Yesterday afternoon, after the tweet had been criticised by politicians and scientists, it was deleted without explanation or apology. The removal implies that the Department of Health is trying to back off from a controversy which it had set in motion

For example, although in recent weeks the Government has suggested that the nation’s hospitals are full to bursting with Covid patients, it turns out that only 13 per cent of NHS beds are currently occupied with patients with the disease, and only about 31 per cent of intensive care beds.

The article also stated that 95.6 per cent of those who have died of Covid had at least one pre-existing serious medical condition. Of Covid deaths recorded in England to November 18, 53.7 per cent were among the over 80s.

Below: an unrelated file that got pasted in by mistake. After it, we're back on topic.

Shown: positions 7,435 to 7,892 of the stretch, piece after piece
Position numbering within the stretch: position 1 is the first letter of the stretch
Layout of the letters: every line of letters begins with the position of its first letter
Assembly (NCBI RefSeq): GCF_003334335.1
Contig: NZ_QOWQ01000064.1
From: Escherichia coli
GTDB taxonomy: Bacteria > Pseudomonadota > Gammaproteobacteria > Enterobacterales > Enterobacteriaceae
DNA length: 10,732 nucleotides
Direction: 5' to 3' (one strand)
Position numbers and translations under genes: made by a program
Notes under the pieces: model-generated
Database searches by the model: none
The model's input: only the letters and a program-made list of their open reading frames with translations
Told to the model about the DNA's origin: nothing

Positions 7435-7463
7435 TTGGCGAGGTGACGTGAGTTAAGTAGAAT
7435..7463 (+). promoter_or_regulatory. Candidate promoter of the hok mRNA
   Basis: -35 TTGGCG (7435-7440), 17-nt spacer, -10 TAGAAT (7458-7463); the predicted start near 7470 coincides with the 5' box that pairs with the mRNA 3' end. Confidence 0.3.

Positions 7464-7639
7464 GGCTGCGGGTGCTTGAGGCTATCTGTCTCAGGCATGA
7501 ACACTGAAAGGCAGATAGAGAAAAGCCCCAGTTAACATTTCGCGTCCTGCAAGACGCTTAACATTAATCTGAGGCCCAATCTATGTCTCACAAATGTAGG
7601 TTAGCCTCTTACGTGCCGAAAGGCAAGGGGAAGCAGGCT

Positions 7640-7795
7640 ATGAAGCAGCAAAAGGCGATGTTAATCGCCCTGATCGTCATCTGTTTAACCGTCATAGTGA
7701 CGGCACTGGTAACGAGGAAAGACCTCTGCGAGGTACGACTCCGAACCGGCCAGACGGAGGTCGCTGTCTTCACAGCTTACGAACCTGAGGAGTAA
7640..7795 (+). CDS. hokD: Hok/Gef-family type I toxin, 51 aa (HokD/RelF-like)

And in further evidence which suggests that most young people have little to fear from Covid, Mr Clark reported that in the same period just 275 recorded deaths (0.7 per cent of the total) occurred in people under 40. There were only 42 people in this group with no pre-existing conditions.

The article also pointed out that Government advisers have sometimes exaggerated the dangers of Covid. 

For instance, in July Chief Scientific Adviser Sir Patrick Vallance estimated there could be 119,000 deaths if a second spike coincided with a peak of winter flu. So far the grim tally stands at under half that figure.

Of course, every death is deeply regrettable, and the article certainly didn’t suggest otherwise. Nor is anyone sensible suggesting – as Mr Clark certainly did not – that Covid isn’t a serious disease.